Scam Awareness


A national campaign is currently underway to raise awareness of scams – particularly those that have emerged as a result of the coronavirus outbreak.

Pembrokeshire Trading Standards and Citizens Advice Pembrokeshire are taking part in the annual Scams Awareness campaign which has been running from the 15th June and ends on the 28th.

This year protecting people against scams is more important than ever. The coronavirus crisis means some people are facing issues – from employment and debt to housing and health – resulting in them being in vulnerable situations.

Added to this, the overall heightened uncertainty and anxiety caused by the pandemic is increasing the likelihood of falling victim to a scam.

Trading Standards wants to spread the message that scams are crimes that can happen to anyone and that we can all take a stand to help stop them.

Sandra McSparron, lead officer of the Consumer Safeguarding Team of Pembrokeshire Trading Standards said: “Increasingly we are all becoming targets of scammers, whether by telephone, internet or door to door.

“This campaign will help people spot the signs and how best to avoid them. Knowing how to spot a scam is the best line of defence to avoid being caught out.”

In Pembrokeshire some residents have been approached by rogue traders offering a range of property maintenance services from painting, power washing to roof repairs and hedge cutting. High pressure sales tactics are often used, no paperwork given and extortionate charges for often poor quality work.

Trading Standards advice is not to deal with anyone that cold calls at your home offering to do work. Instead speak to family and friends for recommendation of trades people and obtain a number of written quotes before deciding.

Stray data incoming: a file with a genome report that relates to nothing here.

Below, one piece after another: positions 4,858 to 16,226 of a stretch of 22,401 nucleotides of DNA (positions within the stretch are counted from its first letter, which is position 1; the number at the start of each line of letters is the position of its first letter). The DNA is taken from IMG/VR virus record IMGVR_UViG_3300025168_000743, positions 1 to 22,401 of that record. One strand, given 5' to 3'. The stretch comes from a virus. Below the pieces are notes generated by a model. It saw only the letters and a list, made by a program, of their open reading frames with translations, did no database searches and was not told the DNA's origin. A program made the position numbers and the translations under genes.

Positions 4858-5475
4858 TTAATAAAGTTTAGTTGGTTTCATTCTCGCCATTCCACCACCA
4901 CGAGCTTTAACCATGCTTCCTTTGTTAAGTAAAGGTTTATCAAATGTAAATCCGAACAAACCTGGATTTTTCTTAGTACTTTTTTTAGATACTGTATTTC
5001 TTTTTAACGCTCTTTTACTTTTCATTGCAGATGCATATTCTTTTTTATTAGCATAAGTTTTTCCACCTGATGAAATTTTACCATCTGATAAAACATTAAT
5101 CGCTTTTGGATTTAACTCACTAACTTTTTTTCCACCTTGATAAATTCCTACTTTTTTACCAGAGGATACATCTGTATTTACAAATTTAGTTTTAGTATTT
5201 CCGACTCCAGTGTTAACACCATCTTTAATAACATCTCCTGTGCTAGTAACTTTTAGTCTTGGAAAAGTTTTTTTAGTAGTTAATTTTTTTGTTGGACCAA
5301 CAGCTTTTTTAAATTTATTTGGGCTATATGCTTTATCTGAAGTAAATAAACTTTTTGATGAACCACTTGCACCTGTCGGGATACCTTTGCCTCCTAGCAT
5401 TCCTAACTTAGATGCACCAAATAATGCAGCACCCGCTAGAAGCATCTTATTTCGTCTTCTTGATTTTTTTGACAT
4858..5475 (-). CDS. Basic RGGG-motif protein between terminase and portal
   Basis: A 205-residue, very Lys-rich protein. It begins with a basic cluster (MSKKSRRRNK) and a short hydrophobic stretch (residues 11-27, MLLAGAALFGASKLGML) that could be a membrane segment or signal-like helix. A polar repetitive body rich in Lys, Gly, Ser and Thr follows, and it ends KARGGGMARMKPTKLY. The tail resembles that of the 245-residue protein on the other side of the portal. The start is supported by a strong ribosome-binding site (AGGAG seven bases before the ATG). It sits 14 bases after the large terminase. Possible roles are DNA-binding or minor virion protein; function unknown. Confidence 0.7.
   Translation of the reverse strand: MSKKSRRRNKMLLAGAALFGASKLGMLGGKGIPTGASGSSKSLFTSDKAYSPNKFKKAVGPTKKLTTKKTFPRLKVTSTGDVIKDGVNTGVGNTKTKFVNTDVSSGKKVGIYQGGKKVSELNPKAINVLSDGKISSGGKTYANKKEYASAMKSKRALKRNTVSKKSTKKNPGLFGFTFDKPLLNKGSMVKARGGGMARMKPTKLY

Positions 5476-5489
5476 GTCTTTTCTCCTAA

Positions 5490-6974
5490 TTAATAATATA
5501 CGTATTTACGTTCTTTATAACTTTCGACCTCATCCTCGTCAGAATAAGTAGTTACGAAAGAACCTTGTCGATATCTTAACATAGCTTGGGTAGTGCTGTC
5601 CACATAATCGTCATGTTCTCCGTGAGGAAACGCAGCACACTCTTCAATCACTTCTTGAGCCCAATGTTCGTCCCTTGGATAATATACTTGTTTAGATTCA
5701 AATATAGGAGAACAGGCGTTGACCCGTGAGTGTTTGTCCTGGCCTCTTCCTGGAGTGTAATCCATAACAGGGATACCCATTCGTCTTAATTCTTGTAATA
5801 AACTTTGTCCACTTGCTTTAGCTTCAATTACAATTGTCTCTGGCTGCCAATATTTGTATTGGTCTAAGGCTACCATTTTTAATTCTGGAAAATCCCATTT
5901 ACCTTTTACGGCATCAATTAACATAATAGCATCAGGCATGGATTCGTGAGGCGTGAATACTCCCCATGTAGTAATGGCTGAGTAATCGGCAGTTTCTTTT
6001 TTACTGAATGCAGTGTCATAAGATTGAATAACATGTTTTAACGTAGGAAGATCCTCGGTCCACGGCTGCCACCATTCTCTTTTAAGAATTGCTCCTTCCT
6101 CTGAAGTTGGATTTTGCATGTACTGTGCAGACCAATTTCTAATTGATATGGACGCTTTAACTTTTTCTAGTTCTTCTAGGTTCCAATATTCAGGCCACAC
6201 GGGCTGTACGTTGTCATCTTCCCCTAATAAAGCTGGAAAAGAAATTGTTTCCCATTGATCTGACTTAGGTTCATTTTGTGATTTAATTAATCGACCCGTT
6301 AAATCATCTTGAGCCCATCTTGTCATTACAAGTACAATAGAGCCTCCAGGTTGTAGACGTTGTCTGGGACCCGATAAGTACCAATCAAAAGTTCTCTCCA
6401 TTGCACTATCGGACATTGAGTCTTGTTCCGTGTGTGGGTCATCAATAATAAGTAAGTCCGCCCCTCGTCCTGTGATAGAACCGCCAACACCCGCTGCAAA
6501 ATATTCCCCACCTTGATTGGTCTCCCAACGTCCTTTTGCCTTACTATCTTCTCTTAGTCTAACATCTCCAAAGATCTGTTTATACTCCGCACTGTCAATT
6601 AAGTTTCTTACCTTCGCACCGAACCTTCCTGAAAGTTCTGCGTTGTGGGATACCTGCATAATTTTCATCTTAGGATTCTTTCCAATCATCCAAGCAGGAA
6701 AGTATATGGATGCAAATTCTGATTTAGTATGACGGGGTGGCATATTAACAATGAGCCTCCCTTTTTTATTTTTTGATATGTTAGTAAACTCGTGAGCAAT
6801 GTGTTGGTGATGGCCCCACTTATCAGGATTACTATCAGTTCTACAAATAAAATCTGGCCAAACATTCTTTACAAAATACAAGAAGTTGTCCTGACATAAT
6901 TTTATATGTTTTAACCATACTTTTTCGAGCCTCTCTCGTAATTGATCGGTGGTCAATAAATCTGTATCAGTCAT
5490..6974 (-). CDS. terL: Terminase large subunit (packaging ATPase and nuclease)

With more people shopping online, fake websites can be designed to steal money and personal details. People have ordered protective face masks, hand sanitiser, COVID-19 testing kits, and other products, which have never arrived. In a lot of cases, if they have arrived, they have been sub-standard.

Trading Standards offers the following tips on how to shop online safely:

  • if it is a company you’ve never purchased from before, carry out some research beforehand
  • use strong separate passwords for email and shopping accounts
  • keep software and anti-virus protection up to date
  • be careful with links in emails/texts about offers. Check the shop’s website address by typing this into a search engine instead of clicking on the link.

Forward suspicious emails to, and the National Cyber Security Centre’s automated scanning system will check for scam emails and remove criminal sites.

Be wary of subscription traps in which ‘free trials’ of products and services are offered in a wide range of sectors and can sometimes end up costing more than people think.

Said Sandra: “We have received complaints where people have been unaware that they would be charged for items after the trial has ended and the need to pay return postage costs for the items at the end of the trial. As a result we would urge consumers to think carefully before signing-up.”

Business can also be the target for scams.

Malicious email attachments, bogus government grants, mandate fraud, demands for urgent payments, fake websites and impersonation scams are among a raft of scams undermining businesses as a result of the COVID-19 pandemic.

Sandra warned: “Criminals are trying to gain computer access or get hold of passwords and login details. Once they have access, criminals can search the hard drive for valuable information.”

If someone needs consumer advice or wishes to report a scam, they can contact the Citizens Advice Consumer Service on 0808 223 1133 or 0808 223 1144 for a Welsh speaker. These details will be shared with Trading Standards who may also make contact by phone to offer support and advice.

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